After his graduation, Cameron was invited back again and, due to good timing, could apply for the then newly established Presidential Management Internship program at the DOI, allowing him to bypass "the normal bureaucratic civil service hiring system gauntlet," to begin his career in the federal government.
His start at the U.S. Fish and Wildlife Service within the DOI would lead to a long list of impressive contributions to the country's environmental policy and its subsequent implementation.
The DOI, founded in 1849, oversees numerous conservation issues regarding the United States' various water, land, energy resources; fish and wildlife; and land property, particularly that belonging to Native Americans. The organization aims to protect the country's natural and cultural heritage and ensure its availability for future generations.
Reflecting on his rookie days, Cameron cautions of inevitable challenges and surprises.
"Probably the first and most telling: how challenging it is to get policy decisions in headquarters."
"I was the stereotypical 24 year old MBA who figured, 'God, I've got 2 Ivy League degrees here; I can make a significant contribution to national environmental policy'," Cameron remembers.
When asked to cover the Pacific Salmon issue in the Northwest, Cameron proceeded to inform his third-level supervisor of what he had learned in graduate school on this topic and how to best solve the problem.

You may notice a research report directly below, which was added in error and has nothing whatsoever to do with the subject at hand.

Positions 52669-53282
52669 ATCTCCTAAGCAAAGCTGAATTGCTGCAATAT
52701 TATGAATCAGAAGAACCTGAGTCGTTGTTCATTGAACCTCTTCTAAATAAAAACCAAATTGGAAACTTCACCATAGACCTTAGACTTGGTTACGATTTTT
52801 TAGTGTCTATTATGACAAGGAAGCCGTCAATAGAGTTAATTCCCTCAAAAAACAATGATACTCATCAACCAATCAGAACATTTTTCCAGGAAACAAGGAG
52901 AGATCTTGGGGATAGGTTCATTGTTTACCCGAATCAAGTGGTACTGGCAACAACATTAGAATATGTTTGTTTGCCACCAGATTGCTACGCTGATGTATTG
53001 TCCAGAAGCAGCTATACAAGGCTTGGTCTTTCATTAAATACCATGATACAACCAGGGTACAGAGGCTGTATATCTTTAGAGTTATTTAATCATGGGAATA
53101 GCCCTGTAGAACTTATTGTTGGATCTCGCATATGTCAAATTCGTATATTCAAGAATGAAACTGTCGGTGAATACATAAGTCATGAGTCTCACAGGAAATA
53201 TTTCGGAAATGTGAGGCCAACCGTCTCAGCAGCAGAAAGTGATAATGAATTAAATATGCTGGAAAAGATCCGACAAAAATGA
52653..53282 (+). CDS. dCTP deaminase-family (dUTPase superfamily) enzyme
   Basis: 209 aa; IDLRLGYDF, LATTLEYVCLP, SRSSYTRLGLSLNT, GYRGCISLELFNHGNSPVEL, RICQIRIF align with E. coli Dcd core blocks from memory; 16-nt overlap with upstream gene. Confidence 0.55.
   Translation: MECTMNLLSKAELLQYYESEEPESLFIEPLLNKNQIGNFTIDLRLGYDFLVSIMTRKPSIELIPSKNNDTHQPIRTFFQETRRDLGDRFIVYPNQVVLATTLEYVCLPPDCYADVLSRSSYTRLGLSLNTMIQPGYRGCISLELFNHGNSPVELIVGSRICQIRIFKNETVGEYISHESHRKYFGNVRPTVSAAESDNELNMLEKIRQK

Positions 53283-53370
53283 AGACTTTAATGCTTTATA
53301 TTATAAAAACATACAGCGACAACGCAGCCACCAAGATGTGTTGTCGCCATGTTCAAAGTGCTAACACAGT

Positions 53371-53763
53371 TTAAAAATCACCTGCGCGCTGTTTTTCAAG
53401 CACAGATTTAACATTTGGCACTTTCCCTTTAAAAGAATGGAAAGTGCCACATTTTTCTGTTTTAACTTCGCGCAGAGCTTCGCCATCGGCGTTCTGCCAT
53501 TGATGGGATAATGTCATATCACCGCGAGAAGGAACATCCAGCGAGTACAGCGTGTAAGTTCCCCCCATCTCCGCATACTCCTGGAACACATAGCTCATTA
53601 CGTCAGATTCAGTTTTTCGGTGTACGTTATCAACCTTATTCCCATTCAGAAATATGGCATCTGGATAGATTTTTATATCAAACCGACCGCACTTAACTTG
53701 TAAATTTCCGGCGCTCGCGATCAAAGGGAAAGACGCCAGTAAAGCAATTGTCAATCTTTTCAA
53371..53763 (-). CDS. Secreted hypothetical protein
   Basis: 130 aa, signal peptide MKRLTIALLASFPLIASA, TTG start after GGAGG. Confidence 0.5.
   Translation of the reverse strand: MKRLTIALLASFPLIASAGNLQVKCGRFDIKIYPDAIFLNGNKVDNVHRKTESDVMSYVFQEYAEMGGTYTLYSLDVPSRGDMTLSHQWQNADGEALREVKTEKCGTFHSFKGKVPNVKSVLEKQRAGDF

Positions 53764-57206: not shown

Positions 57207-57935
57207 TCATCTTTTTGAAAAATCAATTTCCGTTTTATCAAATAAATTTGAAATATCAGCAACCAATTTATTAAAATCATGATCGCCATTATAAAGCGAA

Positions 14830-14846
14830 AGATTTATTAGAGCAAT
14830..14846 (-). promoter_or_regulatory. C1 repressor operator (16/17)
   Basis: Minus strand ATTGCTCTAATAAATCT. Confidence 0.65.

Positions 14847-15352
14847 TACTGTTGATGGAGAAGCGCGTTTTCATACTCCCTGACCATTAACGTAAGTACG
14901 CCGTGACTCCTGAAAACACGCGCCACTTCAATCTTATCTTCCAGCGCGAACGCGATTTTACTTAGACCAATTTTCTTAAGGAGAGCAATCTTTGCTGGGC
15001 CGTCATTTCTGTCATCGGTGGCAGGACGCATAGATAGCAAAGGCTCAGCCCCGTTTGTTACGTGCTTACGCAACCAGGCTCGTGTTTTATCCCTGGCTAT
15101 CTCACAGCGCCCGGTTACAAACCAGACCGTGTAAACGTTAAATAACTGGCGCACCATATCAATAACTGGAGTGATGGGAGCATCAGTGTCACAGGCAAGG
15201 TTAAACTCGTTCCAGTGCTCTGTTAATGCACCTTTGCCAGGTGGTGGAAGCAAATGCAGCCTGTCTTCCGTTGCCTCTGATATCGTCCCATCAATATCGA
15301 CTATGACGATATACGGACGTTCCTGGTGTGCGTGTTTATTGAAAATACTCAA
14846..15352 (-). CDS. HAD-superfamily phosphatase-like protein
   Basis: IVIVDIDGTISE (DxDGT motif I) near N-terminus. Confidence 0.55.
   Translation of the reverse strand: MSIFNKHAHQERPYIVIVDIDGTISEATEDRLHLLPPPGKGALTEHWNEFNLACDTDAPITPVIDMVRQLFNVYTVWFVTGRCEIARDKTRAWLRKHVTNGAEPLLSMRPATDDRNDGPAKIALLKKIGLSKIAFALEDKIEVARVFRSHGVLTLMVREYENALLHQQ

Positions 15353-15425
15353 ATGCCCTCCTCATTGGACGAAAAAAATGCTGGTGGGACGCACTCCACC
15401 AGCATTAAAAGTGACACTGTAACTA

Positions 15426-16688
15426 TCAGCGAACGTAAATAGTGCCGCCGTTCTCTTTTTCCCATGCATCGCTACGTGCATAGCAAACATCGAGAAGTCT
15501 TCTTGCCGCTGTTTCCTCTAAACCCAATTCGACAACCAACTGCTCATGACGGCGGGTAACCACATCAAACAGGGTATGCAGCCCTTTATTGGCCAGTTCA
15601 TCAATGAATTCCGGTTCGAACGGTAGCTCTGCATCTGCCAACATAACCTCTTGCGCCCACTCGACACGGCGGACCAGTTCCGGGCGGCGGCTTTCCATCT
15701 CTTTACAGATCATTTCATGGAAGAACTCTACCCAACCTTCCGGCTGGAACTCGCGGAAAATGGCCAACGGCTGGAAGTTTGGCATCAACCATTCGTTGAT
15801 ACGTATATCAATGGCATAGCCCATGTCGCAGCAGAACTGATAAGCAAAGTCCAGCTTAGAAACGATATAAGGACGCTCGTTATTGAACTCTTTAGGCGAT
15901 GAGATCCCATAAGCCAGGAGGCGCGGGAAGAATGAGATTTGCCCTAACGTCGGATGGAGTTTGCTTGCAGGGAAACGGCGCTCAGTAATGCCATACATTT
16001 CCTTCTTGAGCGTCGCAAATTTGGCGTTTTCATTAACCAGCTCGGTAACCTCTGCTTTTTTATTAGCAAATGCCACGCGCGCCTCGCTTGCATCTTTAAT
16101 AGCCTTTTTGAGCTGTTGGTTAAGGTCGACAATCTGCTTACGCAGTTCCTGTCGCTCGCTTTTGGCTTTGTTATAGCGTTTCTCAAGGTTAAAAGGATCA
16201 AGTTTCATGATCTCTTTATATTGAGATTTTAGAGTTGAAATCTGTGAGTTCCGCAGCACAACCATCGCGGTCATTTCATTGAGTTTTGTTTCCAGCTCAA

The supervisor responded by sending Cameron to study the fish in their natural habitat.
"I must say that in 10 days on the ground in the Pacific North West, I learned about 5 times as much as I had in that one year of graduate school about water rights issues and about water resources management issues in the Northwest."
At this pivotal point in his career, Cameron, at age 24, realized that "maybe a small dose of humility here might be appropriate and there's a lot more to learn out there than I got in my years in the Ivy League."
"The honest truth is that anyone who is growing professionally is constantly learning."
Today, Cameron has successively worked his way up from an intern position to his newly expanded post of Deputy Assistant Secretary for Performance, Accountability and Human Resources.
In his current role, Cameron is "in charge of strategic planning and program evaluation across the department; of efforts to use modern technology to significantly improve the level of service to the public and the efficiency of the Department's programs; of overall coordination of a series of major management initiatives emanating from the White House, called the President's Management Agency," he explains.
One of his most challenging current responsibilities, however, is "steering the administration's policies on invasive species, which is a really ecologically and economically significant natural resource issue that unfortunately hasn't gotten quite the press of things like climate change."
Invasive species are "organisms, plants, animals, microorganisms that are exotic to a particular environment and when introduced into that environment essentially take over the ecology," he explains.